Black-Eyed Susan’s at 10 India St on Nantucket, has the charm of a sort of “hand-made” restaurant, but a very good one. We’ve eaten there mostly for breakfasts, but they have an intriguing dinner menu as well. At breakfast, they have most of the usual dishes, plus a number of fascinating additions.
The restaurant is a lot of fun, because the kitchen is right there and you can watch them make your meal.
At this visit, we tried their Portuguese Scramble: scrambled eggs with linguica, tomatoes, spinach and garlic, and found it excellent, especially when served with the Nantucket Bakeshop’s Sunflower Oatmeal bread. The linguica sausage added a mild hotness to the scramble, and the tomatoes and garlic added an excellent mixture of flavors.
For our other entrée, we had their delicious Eggs Benedict, served with an ample slice of tender ham and a nice, lemony hollandaise sauce on a toasted English muffin. Not too many restaurants do this one right, but Black-Eyed Susan’s decidedly does.
On weekends, you will probably see a line for breakfast/brunch, but they move quickly and you probably won’t wait too long. In addition to their indoor seating, they have a lovely back garden with more seating in good weather.
Black-Eyed Susan’s is open from April through October, but be forewarned: they do not take credit cards. However, they are perfectly willing to wait for you to run to the nearest ATM. They told me this happens quite often!
Sheldon Krimsky, Professor of Humanities & Social Sciences at Tufts University has published another in a series of articles and books attacking the safety of genetically modified plants (GMOs). Professor Krimsky’s appointment is in the Department of Urban & Environmental Policy & Planning, but he holds and adjunct appointment in the Department of Public Health and Community Medicine. Krimsky holds a masters in physics, but his PhD is in philosophy. Thus, many of his arguments have already been rejected by biologists.
The thesis of Krimsky’s article is that there is not a scientific consensus on the safety of GMOs, because he has uncovered about 26 articles attacking them. Krimsky’s paper is published in the journal Science, Technology and Human Values, where Krimsky is on the editorial board.
In discussing articles on biotechnology, it is useful to remember The Seralini Rule, published in the Skeptico blog, which states that
That Skeptico article summarizes all the problems with that discredited and withdrawn paper, noting that if you cite this paper as serious science you haven’t taken the trouble to consider all of its scientific weaknesses.
Unfortunately, Professor Krimsky’s paper fails this test, citing 5 papers by this discredited scientist.
Krimsky’s article is divided into three parts. In the first part, he summarizes eight recent review articles on GMOs finding some very critical and some much less critical. We read several of the more critical ones to see if we could understand his point.
He first cites “Genetically Modified Foods and Social Concerns,” by Maghari and Ardekani, published in the Iranian journal Avicenna Journal of Medical Biotechnology. This paper is basically a summary of potential concerns, none of which are supported by actual science. Suggesting that transgenic DNA might break up and reintegrate into the genome (which has never been observed), he cites two non-peer-reviewed reports by Mae Wan Ho, who has been criticized for embracing pseudoscience. Even more risible is Maghari’s assertion that GMOs may be responsible for “food-borne diseases” such as the “epidemic of Morgellon’s disease in the U.S.” In fact, Morgellon’s disease is a delusion that one’s skin is crawling when no cause can be found, and is considered a psychiatric ailment, not one caused by diet.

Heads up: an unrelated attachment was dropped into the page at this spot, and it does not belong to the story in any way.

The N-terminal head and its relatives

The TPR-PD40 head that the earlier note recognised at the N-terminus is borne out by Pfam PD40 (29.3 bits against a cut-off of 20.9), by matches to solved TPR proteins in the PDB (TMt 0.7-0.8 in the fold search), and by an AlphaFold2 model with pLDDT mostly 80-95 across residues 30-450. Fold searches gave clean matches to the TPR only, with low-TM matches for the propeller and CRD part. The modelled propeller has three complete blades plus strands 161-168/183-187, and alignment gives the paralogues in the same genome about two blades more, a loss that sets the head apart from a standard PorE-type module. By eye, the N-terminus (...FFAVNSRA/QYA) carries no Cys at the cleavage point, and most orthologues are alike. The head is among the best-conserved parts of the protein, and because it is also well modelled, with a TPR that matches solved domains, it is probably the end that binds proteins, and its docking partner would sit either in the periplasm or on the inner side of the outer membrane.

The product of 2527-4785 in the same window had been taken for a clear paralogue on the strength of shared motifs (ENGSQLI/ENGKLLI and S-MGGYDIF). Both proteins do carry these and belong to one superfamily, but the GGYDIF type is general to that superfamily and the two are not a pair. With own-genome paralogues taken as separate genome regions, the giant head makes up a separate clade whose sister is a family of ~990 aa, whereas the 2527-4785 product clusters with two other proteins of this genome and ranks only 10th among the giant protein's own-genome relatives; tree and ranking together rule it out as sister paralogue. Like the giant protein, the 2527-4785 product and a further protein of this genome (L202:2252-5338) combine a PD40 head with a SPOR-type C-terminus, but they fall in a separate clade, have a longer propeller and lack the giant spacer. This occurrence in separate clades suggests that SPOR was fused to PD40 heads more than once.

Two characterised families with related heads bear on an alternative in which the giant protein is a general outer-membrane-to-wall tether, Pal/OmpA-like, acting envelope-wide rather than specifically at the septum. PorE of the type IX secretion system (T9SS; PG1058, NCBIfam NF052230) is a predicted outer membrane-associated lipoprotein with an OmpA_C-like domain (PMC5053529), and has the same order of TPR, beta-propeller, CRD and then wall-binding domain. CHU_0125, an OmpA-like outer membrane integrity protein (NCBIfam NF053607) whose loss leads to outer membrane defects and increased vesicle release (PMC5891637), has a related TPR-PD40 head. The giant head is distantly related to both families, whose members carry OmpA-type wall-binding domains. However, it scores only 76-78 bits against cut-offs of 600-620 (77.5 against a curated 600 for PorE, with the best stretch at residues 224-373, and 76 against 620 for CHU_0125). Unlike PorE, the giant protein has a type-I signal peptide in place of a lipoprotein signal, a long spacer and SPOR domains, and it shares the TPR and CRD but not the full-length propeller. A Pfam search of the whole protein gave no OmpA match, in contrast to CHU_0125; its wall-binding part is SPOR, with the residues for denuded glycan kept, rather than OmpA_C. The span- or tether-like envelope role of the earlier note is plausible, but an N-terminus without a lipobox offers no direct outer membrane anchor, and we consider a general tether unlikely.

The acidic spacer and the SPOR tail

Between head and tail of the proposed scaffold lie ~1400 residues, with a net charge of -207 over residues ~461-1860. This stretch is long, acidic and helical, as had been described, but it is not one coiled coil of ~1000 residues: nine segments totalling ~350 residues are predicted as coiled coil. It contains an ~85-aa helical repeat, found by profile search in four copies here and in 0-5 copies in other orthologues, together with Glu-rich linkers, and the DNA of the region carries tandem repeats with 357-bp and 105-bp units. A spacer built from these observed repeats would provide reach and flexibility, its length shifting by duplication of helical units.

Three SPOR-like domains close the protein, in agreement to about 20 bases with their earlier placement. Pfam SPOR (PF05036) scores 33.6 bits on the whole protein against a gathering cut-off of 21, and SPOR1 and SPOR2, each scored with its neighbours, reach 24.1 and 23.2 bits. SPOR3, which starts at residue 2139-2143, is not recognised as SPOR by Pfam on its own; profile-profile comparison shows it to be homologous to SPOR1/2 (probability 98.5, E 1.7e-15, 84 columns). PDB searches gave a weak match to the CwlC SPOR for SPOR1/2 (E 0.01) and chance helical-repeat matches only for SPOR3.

The second paper we read from his list was a literature review by Domingo and Bordonaba, which also violates the Seralini rule, and asserts without proof that studies showing the safety of GMOs have been performed by biotechnology companies. This is in fact contrary to the findings of Biofortified’s GENERA database of papers, which found that more than half of the studies were performed by independent researchers.
The third paper he cites, by Dona and Arvanitouannis also violates the Seralini rule, and completely misstates the doctrine of “substantial equivalence.” The correct statement of this principle is that if a GM and a conventional crop have similar origins, then their “substantial equivalence” can be the starting point for testing of the GM version to see if it has different properties that might make it dangerous to the consumer. It does not mean that no further testing is required. It also erroneously suggests that the Cauliflower Mosaic Virus, which is found on all cauliflower, is dangerous if used in biotechnology. This is, of course, rubbish, since we eat it every day on most brassicae.
In the second part of his paper Krimsky focuses on the poorly regarded work of Pusztai and of Seralini, carefully omitting some of the more damning details about their work.
Pusztai was asked to evaluate some experimental genetically modified potatoes, and reported that they damaged the stomach lining of rats. After an investigation by his employer, the Rowett Institute, found that his data did not support his conclusions, he was fired. However, Krimsky does not note what Chassy and Tribe have pointed out: the potatoes Pusztai used were an experimental and unapproved variety, and that the rats were fed uncooked potatoes, which are always harmful to rats. Moreover, two expert panels concluded that no scientific conclusions could be drawn from his work. Pusztai has become an anti-GMO activist, travelling the world giving scary talks, but has not carried out any further science.